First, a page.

Malin, my romance spirit guide, recommends Meredith Duran very highly. Malin is right. Duran is an excellent writer, but more on that in a tic.
The cover is ridiculous, but not in the usual heaving alabaster bosom way, which is, admittedly, a relief, but rather in a “What does that dress have to do with a historical romance?” way, but since such shenanigans are typical, I went straight to the reading:
Oooh, it’s set in 1885 and that means bustles. I LOVE bustles! (There were no bustles.)
All atremble in anticipation of the bustles, I started reading, but I quickly wondered which of the men in the first chapter was the hero, so I flipped the book over to read the blurb on the back:
I’m not a historian, but aren’t The Regency and 1885 are separated by about 70 years? I point these things out not to show up the writer, but to point out the attitude of the publishers. It’s a mass market paperback, so apparently such details are irrelevant: “Just say it’s Regency. Women love that sh*t! No one will notice.” Also? It’s not set in London.
In a refreshing change of pace, the hero of That Scandalous Summer is not a Duke. Michael de Grey is the brother of a Duke. He is also a doctor who runs a charity hospital whose funds are controlled by said ducal relation. Michael has found a way to make himself useful, in between some renowned rakish naughtiness, but his brother’s heartbreak over a recently dead wife who was insufficiently discreet in her dalliances has led him to act in a self-destructive way and Michael is in his path. Unless he marries an appropriately demure, read “chaste”, upright woman to produce an heir and continue the family line, the Duke will cut him off without a penny and de-fund the hospital. To add insult to injury, this kind of blindly destructive behaviour is typical of their family, but instead of shielding Michael as he once did, the Duke is now acting like those he used to provide protection against.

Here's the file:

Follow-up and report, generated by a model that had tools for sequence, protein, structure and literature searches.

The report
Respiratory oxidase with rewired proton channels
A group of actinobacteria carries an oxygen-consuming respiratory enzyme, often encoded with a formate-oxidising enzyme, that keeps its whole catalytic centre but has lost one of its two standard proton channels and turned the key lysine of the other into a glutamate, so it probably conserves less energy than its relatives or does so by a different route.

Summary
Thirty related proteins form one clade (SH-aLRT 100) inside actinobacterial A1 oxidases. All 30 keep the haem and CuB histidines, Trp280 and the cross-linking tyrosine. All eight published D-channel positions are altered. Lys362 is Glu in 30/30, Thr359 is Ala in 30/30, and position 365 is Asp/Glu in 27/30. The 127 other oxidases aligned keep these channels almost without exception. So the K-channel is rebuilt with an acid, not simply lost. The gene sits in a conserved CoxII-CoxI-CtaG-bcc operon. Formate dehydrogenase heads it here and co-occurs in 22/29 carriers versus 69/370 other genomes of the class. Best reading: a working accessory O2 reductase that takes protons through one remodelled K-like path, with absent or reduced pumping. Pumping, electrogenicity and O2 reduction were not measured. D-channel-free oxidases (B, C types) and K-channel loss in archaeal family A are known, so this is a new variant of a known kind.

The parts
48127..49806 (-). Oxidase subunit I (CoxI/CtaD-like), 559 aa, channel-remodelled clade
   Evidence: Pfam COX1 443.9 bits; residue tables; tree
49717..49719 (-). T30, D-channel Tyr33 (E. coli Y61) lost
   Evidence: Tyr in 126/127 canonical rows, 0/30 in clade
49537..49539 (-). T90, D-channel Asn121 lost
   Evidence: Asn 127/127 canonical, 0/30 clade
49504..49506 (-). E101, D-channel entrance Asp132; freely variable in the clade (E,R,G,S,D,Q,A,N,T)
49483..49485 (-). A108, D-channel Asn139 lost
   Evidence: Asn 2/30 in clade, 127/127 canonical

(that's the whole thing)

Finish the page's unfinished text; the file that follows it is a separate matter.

Hoping to shock his brother back to his senses, Michael disappears from London and takes up residence in a small village in Cornwall where he practices medicine under an assumed, humbler name and waits to be found. Michael meets Mrs. Elizabeth Chudderly, a widow with a fast reputation, and a “professional beauty” in the new era of photography, who turns out to be a lovely person despite that fact that she was passed out in his rose bushes during their first encounter. Their connection is instant and each of them discovers that being their natural self, as opposed to version they act out in society, is a huge relief, but imposes strict limits on their relationship. Then society comes to them in the guise of a house party and things get really complicated.
That Scandalous Summer was a very enjoyable read. Meredith Duran’s storytelling is more serious than I ordinarily like, but not in a melodramatic way, rather she focuses on her mature, complex characters and less on banter. Michael and Elizabeth are consistently interesting on their own and together. From the initial startling spark between them and throughout their challenges, they are both sympathetic, even when they are behaving badly, making poor decisions, and saying exactly the wrong thing. Both hero and heroine are constrained by their responsibilities and the specter of financial and personal ruin. It’s all about the money, its expectations and burdens, which feels realistic for a society built around reputation and perception.
This review is also posted on my tiny little blog.